Saturday, September 05, 2015

Wild, native silk moths - what a wonderful excuse for a walk in the woods

I've been thinking about wild silk moths again.

These days,'wild silk' seems to mean two distinctly different things.

The most common meaning is that the silk is produced from domesticated silkworms in a way that does not kill the 'worm'.  The silkworm is allowed to hatch from the cocoon before harvest, this creates a textured thread as the individual silk fibres are broken as the moth chews its way from the cocoon.  This is different than regular harvest style, which creates a very smooth silk, the worm (caterpillar) is killed, then the silk is reeled from the cocoon in one long strand.

But that's not what I'm talking about.

What I want to talk about, are silk moths that live in the wild.  There are all sorts of different types of moths that produce a useable silk.  Several of which are native to my area.  If one is lucky enough to find a giant cocoon or three in the wild woods, one might be able to hatch out some moths.  A boy moth meets a girl moth and they make moth eggs, which hatch into caterpillars, which create silk, which can then hatch into moths... and the cycle continues.

Then again, there are places out there which do both - wild silk from foraged wild silk moth cocoons.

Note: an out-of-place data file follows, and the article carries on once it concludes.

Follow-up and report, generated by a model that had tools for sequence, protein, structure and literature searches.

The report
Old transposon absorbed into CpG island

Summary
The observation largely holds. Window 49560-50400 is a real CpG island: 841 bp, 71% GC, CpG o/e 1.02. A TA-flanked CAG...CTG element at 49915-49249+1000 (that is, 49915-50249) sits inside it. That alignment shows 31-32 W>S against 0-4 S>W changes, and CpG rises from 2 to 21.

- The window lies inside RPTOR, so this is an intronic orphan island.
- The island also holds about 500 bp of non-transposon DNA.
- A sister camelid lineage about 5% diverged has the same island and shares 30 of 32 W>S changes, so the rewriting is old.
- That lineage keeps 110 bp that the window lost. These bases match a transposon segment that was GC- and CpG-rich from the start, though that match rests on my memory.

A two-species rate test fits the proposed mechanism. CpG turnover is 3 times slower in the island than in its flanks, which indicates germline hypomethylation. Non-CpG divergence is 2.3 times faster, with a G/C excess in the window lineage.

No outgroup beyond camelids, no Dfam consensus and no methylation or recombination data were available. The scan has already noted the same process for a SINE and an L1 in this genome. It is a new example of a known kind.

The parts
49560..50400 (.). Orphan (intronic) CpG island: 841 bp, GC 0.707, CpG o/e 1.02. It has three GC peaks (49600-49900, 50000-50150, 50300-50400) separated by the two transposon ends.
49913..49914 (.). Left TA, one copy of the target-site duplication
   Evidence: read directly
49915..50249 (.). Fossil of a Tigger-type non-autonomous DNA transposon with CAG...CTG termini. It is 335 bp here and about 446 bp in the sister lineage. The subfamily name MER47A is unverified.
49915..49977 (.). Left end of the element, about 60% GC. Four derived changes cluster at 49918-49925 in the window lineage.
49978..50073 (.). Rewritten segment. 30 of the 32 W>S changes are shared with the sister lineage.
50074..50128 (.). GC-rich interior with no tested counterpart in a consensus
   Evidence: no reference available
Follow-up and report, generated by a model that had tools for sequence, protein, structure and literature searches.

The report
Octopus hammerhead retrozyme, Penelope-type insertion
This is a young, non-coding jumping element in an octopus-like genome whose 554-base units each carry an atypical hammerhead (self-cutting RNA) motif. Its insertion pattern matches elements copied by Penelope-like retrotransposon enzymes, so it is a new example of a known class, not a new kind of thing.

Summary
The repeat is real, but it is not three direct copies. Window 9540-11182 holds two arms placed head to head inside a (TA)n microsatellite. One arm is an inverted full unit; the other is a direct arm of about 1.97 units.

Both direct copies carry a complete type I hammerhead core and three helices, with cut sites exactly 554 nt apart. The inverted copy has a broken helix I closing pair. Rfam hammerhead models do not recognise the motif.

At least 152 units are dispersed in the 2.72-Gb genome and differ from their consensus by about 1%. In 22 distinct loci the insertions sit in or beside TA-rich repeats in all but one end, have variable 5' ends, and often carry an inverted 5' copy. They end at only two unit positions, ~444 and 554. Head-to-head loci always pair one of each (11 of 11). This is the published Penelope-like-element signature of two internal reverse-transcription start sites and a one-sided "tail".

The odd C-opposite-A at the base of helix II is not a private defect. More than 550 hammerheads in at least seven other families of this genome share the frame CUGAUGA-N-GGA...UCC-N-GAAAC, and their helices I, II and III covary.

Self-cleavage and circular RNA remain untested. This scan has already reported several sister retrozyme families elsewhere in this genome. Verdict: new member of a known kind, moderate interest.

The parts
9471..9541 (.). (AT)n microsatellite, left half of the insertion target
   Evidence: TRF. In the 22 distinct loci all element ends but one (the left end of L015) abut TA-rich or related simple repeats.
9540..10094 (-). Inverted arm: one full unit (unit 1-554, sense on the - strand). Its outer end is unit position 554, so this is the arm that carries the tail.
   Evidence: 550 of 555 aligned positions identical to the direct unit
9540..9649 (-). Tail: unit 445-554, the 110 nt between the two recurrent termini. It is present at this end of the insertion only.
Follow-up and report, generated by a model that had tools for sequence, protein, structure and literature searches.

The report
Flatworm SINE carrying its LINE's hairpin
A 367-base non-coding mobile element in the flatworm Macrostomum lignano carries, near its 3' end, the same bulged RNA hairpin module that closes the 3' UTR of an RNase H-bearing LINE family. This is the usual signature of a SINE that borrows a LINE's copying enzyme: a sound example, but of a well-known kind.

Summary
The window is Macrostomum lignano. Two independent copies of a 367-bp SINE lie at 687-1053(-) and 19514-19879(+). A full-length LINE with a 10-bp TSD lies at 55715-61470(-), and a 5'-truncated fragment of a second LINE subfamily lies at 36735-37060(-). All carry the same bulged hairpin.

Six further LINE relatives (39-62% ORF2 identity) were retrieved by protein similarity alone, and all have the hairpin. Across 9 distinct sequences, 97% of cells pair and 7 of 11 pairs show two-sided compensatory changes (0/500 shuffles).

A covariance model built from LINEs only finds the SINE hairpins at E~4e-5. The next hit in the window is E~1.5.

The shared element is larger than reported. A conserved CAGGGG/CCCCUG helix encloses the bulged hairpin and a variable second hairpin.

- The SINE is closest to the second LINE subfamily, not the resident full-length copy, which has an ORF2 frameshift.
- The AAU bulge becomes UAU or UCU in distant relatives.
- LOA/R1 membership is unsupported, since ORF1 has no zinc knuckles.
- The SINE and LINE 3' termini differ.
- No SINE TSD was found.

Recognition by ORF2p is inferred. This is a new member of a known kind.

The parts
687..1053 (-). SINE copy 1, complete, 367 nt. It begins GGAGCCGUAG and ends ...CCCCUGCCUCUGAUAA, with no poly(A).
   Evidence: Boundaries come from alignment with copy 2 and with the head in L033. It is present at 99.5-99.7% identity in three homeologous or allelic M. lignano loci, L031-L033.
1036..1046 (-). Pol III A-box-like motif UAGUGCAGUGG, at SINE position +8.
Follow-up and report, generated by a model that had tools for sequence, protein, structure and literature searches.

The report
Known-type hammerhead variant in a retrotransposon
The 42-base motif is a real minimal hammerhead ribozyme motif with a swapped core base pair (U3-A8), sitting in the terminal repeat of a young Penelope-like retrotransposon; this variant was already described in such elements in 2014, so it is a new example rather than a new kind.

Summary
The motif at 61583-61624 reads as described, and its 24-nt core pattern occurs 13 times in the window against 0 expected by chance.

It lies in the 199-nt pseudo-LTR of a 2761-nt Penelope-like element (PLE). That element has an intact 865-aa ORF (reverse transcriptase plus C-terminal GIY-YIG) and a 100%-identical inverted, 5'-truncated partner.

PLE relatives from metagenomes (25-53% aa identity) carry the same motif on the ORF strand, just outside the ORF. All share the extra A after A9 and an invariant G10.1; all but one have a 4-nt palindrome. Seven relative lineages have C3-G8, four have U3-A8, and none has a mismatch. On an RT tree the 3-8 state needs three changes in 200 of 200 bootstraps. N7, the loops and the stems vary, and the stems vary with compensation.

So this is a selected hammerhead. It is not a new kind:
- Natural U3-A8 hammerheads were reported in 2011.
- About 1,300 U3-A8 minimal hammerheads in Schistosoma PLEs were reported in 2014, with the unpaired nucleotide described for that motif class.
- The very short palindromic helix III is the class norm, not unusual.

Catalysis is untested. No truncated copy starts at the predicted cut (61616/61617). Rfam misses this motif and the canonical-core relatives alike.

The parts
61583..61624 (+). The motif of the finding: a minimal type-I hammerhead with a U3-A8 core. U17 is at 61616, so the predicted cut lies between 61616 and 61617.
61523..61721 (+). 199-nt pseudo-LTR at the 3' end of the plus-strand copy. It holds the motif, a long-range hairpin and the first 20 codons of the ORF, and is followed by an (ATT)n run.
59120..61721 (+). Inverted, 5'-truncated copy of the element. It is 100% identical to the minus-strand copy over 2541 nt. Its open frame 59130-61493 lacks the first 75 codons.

These are some Polyphemus cocoons I hatched out a few years ago.  They are a beautiful large silk moth, with big 'eyes' on their wings.  Four lovely moths hatched out, but alas, the mood wasn't right or something, and the moths didn't decide to bless me with worms.

Some native silkmoths are endangered, harmed by declining habitat and chemicals.  So any attempt to catch and raise these moths, should be undertaken with care and consideration for the overall silkmoth population.

The wonderful thing about wild silk moths, is that they eat a large variety of leaves.  Unlike domestic silkworms that want either oak or mulberry, most wild silk moths are willing to consume dozens of species of trees.  This makes feeding the little masters so much easier.

My plan this winter, is when I take my goats for a walk in the woods, I will keep an eye out for wormsign.  Cocoons.  Sometimes in the leaf litter, other times in branches of trees, who knows where.  I bet if I keep my eyes open, I might just find something exciting.

Some silk moths that may live around here (including a bit about what they eat)
Polyphemus of course
Hyalophora cecropia
Hyalophora columbia
Hyalophora euryalus

Here's a list of moths native to British Columbia, and another list of North American that create silken cocoons that have potential for silk harvest. I suspect my list of possible native silk moths for my area is woefully incomplete.

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